This process iterates until policing is supplied to couteract the effect. It's called a feedback loop.

Baltimore imposes an artificial capp on policing, which is related to budgets, campaign contributions, and political support for criminality. To understand this last point, if only 1/2 of 1 per cent of the population commits crimes, then maybe only 2% of the population is connected with, and sympathetic to, the offenders as a class.

If, however, ten percent of the population are active criminals, then their girlfriends, sisters, buddies, mothers, and favorite barmaid all stand to lose if he's incarcerated. That could be forty percent of the population which doesn't want THEIR criminal affiliates locked up. Now, mind you, they do want someone else's criminal buddies locked up, but we cannot do that.

So, the result is that the political leaders perceive a 'let 'em loose' constituency to be a winning coalition. Hence, we have a structurally inadequate police force which is constantly shuttling a limited number of officers back and forth between protecting A's house from B's criminal buddies and protecting B's house from A's criminal buddies. The expected crime is nonzero and, in fact, very very high. And still more people enter the criminal lifestyle, all the while complaining when their mother's house is burgled.

You've suggested that we have no idea which factors limit crime. Bullcrap.

Each officer hired reduces part I crime by 24, distributed over the various categories, using nonlocal urban data. (see Marvell & Moody) My recollection is that the effect on murder was smaller than on robbery, agg assault, and property crime.

As for the ineptitude in this town, yes, it absolutely encourages crime. This comes from the horse's mouth. Offenders in lockup have told me that they won't get caught in certain jurisdictions, because "they don't take no sh*t there." We are a well-known easy-on-crime place and hoodlums absolutely gravitate to Baltimore from out of town and out of state. As for releasees, they keep coming back to Charm City, usually to the same neighborhoods. (see recent work on Reentry upon Release in Baltimore City)

Now, when officers refuse to report offenses on their post (because it will reflect on them at roll-call review), and then resources are deployed according to the crime reported by those officers, so that crime is statistically unanswered in high-crime areas, and then residents correctly infer that they will NOT be protected and therefore will not even report crime to the officers, how can you contend that this misfeasance doesn't enhance crime?

Cutting crime by 8% is not only doable, it's straightforward. What it's not, is cheap. What it's not, is orthogonal to civil liberties regimes. If you skip all the local yokels and fetch an ol' country boy Sheriff or a hardass big city District Commander, he'll show you.

I live and work in one of the Baddest neighborhoods of this #^&*%ing city, and the first 20% or so reduction comes quickly. I've seen it during our seasonal deployments of patrol officers. Now, some of that effect is diversion of crime to another unprotected area, but a good deal of it comes from pure deterrence plus enhanced incapacitation through (usually short-term)incarceration.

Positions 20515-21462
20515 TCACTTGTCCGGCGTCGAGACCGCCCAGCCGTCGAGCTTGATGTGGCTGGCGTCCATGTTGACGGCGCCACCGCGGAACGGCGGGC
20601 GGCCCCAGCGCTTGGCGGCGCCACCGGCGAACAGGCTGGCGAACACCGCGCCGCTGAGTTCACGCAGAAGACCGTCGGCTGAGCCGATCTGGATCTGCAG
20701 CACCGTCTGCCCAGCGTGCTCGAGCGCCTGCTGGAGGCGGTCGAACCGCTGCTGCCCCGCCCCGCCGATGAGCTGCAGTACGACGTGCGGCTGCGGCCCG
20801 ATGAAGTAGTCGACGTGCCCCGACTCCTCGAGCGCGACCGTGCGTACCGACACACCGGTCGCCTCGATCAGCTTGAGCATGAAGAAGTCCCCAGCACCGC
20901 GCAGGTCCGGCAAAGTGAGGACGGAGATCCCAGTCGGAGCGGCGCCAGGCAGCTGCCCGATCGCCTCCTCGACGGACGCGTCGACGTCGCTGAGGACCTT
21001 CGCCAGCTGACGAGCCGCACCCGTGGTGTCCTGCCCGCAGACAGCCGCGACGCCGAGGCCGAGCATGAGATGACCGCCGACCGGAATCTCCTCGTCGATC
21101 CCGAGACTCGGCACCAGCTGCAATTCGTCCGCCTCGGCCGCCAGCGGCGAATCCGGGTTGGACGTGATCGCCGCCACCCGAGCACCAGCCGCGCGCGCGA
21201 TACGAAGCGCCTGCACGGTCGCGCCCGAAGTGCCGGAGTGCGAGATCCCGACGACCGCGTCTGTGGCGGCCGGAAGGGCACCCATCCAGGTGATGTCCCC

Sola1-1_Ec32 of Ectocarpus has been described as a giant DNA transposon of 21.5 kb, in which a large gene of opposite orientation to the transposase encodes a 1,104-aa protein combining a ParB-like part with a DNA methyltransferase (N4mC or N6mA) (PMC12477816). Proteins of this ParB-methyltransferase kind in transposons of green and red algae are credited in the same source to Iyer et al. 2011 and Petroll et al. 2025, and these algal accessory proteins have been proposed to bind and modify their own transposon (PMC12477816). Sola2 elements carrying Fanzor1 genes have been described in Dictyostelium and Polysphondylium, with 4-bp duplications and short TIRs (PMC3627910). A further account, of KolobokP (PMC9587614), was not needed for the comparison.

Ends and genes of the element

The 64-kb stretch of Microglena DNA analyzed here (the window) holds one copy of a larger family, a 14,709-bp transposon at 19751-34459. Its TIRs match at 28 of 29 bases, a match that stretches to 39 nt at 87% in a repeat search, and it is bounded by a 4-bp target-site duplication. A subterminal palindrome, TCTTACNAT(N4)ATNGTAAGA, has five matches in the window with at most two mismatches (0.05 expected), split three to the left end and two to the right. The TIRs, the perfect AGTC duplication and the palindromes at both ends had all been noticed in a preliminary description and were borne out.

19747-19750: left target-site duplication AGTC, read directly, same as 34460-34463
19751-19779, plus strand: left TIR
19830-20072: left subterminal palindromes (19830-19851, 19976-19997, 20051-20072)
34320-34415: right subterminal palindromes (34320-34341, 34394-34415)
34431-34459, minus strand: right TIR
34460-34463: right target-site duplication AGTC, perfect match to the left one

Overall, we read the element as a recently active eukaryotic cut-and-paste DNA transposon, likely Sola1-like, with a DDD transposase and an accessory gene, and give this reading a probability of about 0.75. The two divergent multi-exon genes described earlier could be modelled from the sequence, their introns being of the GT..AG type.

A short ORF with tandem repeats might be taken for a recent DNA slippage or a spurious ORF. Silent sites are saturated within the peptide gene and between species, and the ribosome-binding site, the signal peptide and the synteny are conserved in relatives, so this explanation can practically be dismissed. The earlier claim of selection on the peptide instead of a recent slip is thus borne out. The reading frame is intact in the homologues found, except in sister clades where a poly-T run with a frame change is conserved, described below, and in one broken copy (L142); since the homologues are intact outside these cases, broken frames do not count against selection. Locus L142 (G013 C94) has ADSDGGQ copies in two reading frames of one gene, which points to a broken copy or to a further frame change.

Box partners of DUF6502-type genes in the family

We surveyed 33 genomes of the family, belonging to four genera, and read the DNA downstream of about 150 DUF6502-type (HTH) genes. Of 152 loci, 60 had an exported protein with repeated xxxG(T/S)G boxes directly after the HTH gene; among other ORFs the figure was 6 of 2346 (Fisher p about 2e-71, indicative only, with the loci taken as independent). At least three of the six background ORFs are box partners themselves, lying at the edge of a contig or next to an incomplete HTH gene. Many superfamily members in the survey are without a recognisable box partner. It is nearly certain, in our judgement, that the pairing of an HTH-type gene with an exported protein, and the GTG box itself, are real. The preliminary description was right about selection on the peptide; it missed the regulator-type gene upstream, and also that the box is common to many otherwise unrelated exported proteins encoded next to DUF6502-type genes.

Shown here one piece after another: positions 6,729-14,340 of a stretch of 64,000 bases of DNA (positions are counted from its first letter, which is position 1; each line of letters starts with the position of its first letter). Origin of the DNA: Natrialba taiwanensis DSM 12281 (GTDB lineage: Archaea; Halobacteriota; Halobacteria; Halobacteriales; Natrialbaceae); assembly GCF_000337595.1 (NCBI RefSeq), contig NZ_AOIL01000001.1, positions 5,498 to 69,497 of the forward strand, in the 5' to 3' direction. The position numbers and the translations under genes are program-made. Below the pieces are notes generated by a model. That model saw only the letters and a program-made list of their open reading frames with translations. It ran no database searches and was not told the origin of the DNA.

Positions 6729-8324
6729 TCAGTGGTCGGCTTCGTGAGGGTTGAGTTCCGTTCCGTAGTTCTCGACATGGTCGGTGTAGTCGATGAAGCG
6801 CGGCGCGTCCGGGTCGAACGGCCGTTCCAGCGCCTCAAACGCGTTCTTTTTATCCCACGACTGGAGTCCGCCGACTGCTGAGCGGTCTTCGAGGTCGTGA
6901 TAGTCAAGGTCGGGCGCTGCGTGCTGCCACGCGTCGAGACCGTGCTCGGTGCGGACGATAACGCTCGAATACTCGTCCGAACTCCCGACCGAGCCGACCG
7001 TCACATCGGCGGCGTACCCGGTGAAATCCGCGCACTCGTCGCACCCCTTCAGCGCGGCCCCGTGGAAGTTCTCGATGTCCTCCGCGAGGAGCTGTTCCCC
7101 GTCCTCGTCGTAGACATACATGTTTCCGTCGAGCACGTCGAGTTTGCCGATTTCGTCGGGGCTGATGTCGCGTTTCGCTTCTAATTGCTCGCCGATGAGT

It works. It's doable. There is no excuse for this level of crime.

Sam's Lil Sis said...

I wonder... do people think having a criminal record makes you worthy of murder? Does it mean that its ok for your life to be atken? Not all criminals use drugs, and not all criminals stay criminals, but that's not my point. My point is my brother was murdered and he HAD a criminal record, but not for drugs. I guess maybe that just goes to show how criminalistic Baltimore as a whole is. I dunno just disturbed me a bit.

Galt said...

LIZ,

The correct implication is not that killing a person with a record is ok. The implication is that if two people are both engaged in a common criminal transaction, they will both be doing their best to avoid detection and witnesses. Hence, the guys who shot each other in some abandoned building and then resisted cooperating with 5-0. In that situation, policing is uphill vis a vis both offender and victim. It's a losing proposition to invest a lot of resources in this case. That's the reason such crimes are somewhat dismissed.

InsiderOut said...

so when are you going to run for Mayor, Galt?

John Galt said...

Actually, a better job for someone like me would be what is called in some cities a City Manager, essentially more a technician than a baby-kisser. We should adopt a City Manager form of government, which is far more answerable to the City Council than our Mayor.

InsiderOut said...

you know, there's a lot of talk in my neighborhood about the latest property assessments and Baltimore City's property taxes being the highest in the nation. I wonder if the change in the dynamic with all the new property owners in the city will change the politics in the city....if politicians will cater more to homeowners rather than relatives of criminals.

Moltisanti said...

im from the area where tom reimann lived b4 he moved to maryland...from wut i know his parents r complete assholes and controlled his every move, then they forced him to move to maryland and he lost it